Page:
Electric Motors/Motor Amps



I have a math question about amp conversion.

A 12 volt DC motor pulls 130 amps. If that 12 volt motor were to be exchanged for 120 volt AC motor would the amps be 13?  

Thanks :-)


Jeff   you are thinking   good for you,        

Lets start with just AC  to avoid confusion for now,    

To perform a task,   be it driven by an electric motor or an internal combustion engine,   it is going to take   X amount of power to perform the task.

A good example of torque or twisting power is a TORQUE WRENCH.  Take away rust, time corrosion and all that,   if a bolt is tightened to 16 foot pounds of torque [power]  it is going to take 16 foot pounds to un-tighten that bolt.

So here is a sub question to ponder    is it better to use an air powered wrench or a break over bar with leverage?    Most think it is an air powered wrench,  but the truth is a long strong breakover bar will do the job a lot faster.

It's efficiency.  Loose the mechanical components of the air wrench,  and the losses such as friction, in the gearing, the natural losses of the air motor, being friction and windage,   a breakover bar,    is much more efficient.

Your question is filled with caveats and unknowns. But a good one.

So sticking with AC for now,    if 110 volt motor draws 10 amps to perform a task,  [produce the startup torque, overcome windage and friction,]     then the very same motor wired for 220 volts will use 5 amps.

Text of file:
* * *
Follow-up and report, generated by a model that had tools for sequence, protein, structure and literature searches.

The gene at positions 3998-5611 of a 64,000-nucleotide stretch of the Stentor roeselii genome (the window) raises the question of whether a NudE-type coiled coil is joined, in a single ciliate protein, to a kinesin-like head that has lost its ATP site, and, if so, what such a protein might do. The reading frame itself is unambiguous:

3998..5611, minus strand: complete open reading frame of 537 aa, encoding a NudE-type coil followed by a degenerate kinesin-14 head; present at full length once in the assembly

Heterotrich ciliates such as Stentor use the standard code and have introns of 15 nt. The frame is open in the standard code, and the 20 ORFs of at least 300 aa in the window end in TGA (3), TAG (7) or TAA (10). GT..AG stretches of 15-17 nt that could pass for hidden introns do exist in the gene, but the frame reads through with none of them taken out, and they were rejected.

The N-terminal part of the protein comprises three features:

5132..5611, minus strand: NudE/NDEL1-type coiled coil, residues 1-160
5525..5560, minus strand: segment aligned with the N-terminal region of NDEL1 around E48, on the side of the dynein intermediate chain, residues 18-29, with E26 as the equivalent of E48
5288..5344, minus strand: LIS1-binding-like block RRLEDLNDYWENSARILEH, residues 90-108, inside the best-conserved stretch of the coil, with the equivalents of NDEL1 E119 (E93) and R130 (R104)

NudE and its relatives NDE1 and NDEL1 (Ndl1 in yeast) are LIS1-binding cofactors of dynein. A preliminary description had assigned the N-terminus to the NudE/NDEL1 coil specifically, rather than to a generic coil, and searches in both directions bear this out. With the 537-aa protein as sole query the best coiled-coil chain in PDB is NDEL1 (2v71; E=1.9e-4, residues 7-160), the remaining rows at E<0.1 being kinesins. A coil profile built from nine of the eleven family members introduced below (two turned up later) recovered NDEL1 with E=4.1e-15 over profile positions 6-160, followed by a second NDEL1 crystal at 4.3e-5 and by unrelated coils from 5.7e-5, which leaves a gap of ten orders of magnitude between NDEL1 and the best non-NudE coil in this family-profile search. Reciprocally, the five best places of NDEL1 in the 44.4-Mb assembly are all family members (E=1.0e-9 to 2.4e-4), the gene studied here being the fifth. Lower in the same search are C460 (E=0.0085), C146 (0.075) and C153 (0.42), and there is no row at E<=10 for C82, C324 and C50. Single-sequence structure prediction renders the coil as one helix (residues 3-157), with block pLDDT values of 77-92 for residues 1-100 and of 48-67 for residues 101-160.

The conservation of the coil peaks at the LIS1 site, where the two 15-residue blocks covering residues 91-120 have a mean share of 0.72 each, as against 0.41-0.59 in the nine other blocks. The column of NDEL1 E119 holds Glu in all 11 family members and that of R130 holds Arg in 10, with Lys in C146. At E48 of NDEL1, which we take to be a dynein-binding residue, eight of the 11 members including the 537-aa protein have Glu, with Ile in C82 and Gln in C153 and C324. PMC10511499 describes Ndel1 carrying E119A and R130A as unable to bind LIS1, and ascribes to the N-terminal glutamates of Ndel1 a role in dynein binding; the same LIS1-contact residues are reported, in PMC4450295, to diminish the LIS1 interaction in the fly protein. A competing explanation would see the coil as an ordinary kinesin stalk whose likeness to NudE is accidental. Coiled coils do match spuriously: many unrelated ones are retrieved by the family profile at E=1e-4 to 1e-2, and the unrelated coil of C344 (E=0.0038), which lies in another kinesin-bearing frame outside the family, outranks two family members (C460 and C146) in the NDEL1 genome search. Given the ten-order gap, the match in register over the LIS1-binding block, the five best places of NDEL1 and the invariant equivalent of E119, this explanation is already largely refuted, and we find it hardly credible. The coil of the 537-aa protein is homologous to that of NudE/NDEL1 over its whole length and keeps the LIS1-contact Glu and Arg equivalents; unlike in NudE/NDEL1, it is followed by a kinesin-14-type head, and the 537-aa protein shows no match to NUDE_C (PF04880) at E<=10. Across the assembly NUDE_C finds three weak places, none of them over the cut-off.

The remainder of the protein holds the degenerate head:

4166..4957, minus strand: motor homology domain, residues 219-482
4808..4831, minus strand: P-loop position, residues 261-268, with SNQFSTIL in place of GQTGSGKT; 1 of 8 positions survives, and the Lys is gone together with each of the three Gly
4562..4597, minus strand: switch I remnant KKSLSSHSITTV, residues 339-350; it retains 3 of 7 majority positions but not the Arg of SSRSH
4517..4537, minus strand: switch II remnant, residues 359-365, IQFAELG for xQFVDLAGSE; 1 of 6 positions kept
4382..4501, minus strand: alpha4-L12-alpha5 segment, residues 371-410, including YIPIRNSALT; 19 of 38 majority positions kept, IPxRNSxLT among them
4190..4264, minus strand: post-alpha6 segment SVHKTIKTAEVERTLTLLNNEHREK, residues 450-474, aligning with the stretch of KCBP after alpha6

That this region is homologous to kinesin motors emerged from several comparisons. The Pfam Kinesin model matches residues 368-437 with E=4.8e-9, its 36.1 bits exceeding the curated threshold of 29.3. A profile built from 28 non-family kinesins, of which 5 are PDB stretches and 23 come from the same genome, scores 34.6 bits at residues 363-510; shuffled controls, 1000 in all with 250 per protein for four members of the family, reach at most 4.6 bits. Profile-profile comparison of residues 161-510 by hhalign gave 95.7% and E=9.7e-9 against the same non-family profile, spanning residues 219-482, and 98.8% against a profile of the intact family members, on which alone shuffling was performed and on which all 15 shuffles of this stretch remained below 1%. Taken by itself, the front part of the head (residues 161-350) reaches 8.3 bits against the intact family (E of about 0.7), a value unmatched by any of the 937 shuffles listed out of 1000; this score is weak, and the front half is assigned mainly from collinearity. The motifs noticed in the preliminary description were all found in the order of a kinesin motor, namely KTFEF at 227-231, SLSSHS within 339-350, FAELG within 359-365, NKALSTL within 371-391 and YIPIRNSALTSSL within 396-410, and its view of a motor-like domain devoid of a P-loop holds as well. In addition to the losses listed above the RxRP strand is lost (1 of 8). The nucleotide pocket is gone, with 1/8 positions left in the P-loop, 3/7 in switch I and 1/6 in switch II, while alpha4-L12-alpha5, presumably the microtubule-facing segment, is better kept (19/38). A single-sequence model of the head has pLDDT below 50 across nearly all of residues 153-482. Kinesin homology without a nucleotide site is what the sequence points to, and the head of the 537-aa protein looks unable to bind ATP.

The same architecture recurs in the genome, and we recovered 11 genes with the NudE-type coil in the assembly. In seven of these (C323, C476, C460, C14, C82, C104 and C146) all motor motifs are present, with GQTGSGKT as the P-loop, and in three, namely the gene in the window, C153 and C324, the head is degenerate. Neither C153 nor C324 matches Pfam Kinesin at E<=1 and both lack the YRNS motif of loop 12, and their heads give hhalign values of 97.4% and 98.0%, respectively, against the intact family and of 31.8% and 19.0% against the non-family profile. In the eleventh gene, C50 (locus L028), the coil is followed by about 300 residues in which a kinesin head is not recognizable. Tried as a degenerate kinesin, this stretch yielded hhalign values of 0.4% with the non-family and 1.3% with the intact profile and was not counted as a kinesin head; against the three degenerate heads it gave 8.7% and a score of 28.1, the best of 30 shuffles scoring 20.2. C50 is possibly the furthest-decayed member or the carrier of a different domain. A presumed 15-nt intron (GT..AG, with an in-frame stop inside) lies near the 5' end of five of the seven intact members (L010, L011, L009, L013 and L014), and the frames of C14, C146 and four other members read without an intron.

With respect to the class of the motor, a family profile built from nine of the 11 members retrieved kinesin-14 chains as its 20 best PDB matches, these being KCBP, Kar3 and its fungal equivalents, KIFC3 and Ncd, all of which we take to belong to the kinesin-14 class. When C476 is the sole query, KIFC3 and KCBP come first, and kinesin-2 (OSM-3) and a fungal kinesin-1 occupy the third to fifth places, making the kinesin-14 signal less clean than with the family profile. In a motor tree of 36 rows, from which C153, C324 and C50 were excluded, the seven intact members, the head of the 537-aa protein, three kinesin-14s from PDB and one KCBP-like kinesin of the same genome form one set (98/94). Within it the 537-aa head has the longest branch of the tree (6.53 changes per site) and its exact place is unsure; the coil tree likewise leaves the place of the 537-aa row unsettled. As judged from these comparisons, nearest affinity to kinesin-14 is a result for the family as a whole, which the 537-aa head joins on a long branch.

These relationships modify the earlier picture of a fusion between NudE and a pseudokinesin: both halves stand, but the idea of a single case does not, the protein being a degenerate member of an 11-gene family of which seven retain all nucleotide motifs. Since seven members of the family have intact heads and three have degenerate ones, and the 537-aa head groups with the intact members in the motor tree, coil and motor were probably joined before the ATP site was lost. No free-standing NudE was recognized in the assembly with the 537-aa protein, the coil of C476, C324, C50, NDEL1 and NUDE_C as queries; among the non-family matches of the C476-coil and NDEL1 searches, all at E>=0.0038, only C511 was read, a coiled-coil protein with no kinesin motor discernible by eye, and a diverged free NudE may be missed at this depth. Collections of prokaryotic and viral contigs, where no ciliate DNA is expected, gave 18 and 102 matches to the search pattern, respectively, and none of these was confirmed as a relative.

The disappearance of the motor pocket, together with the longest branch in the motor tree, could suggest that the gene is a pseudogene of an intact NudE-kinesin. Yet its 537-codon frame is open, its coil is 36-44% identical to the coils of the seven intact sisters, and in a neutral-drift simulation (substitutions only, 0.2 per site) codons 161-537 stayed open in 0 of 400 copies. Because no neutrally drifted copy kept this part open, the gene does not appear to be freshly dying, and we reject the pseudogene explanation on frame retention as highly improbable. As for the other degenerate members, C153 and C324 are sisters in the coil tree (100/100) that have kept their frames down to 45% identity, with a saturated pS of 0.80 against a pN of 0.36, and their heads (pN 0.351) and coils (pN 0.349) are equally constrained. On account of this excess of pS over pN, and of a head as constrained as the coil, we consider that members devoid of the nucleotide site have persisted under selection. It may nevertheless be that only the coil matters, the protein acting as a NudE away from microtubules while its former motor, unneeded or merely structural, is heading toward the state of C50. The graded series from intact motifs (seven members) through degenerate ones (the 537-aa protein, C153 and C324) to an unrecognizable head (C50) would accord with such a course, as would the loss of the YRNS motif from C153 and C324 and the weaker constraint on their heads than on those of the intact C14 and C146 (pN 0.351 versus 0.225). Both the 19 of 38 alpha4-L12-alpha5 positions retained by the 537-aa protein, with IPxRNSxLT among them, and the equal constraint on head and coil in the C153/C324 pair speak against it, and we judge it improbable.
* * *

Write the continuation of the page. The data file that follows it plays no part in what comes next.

We have to have some assumptions here,  the load or task is measured by a calibrated dyno or other instrument and the load is known and proven,   so no other outside effects are going on,  it is same on same.

This sounds great at first look,   5 amps versus 10 amps,   half the amps,  must be half the cost of energy.  Not so,     amps time volts is going to give you an amount of power,  KVA, HP whatever we are dealing with and need to use.

So the 110 x 10 amps  if going to be the same as 220 x 5 amps,      amps are a result,   not a controlled part of the equation,    

In some cases the higher voltage is a bit more efficient,   but for this question, and in the real world it is so small it is not worth talking about.

So you can use that for AC  use 12 volts of AC   when connected to the same load  it will draw whatever it needs to turn the load,  so it would be  12 times x   the working amperage.

Just replace the values and you get what you get,   now  REMEMBER THE MOTOR IS THE SAME IDENTICAL MOTOR,   only configured to accept a different voltage,     the resultant amperage is  AGAIN   a result,     

Now the monkey wrench,  you went from DC to AC,    and the answer is no one knows.  We will know when we connect them to the same exact loads,  but we have no idea of the efficiency of the AC motor, or the DC motor.

Efficiencies are what most everyone ignores and is the key to it all,    for example  rough numbers,  an internal combustion engine,   [standard circa 1980  no tricked out valve systems and fuel deliver,  just an ordinary carbureted motor hung on a dyno is going to be around or less than 50% efficient,  meaning for every gallon of fuel  you get half its power at the drive shaft of the engine,